I was just over at Joe's blog and he was equating writing while not knowing what you are doing (i.e. not having an outline) to being shoved into the outfield while having no knowledge of baseball.
Boy, can I relate to that. Not because I don't use outlines (I do) but because I spent a lot of time in high school standing in the outfield with borrowed glove on my hand wondering what the heck I was going to do if the ball came my way. The bad part of that story is, I never got any better at baseball; I hope that doesn't hold true for my current activities.
With the writing and polishing and tweaking of Postcards . . . suddenly behind me I find myself in the awkward position of having to market it and I really, really suck at that. No, really, I do.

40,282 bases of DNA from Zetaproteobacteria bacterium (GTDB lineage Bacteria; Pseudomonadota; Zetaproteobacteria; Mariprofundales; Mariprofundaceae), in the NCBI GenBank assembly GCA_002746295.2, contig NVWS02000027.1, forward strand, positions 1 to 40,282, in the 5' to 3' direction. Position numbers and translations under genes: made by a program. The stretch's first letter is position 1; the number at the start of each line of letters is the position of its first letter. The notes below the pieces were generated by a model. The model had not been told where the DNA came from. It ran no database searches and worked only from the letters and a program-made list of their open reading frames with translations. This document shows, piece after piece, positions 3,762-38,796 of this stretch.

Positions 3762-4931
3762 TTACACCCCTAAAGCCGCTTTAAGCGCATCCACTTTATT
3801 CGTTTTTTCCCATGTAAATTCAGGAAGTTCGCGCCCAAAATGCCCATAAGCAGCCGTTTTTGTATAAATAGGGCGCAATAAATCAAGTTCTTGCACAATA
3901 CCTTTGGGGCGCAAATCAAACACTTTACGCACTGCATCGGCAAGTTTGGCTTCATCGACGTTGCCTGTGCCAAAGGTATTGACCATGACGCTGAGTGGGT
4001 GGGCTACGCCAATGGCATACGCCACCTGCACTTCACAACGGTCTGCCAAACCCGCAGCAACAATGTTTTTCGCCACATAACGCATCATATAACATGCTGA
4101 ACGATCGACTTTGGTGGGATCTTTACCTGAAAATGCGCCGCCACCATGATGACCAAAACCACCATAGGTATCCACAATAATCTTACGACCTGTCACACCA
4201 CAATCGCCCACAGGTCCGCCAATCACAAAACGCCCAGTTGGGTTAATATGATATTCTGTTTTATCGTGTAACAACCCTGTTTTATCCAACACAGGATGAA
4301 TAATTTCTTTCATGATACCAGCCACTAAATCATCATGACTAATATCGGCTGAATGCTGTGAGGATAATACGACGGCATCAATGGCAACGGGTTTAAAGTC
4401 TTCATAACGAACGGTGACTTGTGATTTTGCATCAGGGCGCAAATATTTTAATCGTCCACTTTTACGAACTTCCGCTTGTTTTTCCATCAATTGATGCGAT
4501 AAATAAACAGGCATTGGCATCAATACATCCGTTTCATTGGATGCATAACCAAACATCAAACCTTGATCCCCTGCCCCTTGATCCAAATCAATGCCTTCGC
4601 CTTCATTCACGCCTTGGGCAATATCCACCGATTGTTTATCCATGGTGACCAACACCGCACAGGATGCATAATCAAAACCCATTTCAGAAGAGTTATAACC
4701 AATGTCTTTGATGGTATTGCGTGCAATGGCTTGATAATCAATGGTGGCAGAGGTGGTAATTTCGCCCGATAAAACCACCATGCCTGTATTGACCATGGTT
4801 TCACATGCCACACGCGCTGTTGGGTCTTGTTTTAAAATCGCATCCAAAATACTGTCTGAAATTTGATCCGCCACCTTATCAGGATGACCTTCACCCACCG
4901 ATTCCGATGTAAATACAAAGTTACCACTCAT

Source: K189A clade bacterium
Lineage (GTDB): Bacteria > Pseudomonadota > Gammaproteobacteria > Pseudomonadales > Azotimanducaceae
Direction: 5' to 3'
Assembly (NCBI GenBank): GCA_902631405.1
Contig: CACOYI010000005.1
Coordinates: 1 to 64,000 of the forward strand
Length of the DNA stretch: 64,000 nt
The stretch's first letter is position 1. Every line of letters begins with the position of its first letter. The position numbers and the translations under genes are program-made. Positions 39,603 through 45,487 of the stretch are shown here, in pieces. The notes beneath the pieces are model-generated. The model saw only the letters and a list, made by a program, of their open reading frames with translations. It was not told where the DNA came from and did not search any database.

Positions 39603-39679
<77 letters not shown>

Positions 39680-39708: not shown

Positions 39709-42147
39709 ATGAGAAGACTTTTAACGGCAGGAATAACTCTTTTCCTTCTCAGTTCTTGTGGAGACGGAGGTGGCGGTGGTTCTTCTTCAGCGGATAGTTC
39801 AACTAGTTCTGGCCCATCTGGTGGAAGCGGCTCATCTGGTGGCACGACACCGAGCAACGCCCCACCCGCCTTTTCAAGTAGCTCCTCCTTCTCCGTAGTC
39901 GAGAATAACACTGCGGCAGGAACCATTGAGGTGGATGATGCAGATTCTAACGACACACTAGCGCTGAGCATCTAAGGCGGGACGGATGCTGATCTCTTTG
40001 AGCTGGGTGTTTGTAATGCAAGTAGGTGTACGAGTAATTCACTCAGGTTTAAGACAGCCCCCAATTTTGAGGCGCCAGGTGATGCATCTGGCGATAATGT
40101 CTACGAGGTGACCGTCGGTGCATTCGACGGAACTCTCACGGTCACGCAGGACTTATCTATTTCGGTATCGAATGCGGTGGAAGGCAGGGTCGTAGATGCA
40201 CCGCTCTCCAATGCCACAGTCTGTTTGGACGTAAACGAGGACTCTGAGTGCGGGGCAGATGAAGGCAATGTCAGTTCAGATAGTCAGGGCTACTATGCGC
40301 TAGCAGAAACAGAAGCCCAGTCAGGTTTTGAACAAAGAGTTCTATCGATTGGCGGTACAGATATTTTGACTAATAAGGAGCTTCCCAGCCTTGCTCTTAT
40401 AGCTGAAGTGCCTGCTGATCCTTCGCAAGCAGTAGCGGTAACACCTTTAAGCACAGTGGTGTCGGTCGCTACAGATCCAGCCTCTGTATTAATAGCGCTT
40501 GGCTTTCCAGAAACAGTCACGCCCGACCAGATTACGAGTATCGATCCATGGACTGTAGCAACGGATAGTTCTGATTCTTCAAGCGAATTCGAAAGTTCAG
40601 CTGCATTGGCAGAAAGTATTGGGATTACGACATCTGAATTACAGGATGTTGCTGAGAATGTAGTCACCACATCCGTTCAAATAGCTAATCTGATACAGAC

I did manage to find about 50 agents I can send it to, but I want to send a good query/proposal/synopsis/manuscript and not come off like the amateur I am. (I'm not sure how to pull that off when I can't point to other books I have published; it's like not being able to get a job because you don't have any experience but you can't get any experience until someone hires you.)
The secret, I suppose, is not worrying about the areas you can't do anything about (i.e. not having a list of previously published books) and concentrate on those areas you have control over (e.g. query letters, presentation, manuscript).
And there is no secret to that; there are dozens of books in the stores and lots of helpful advice in the blogsphere. It's mostly a matter of studying up on what you need to do until you know how to do it. Easy as snagging a fly ball.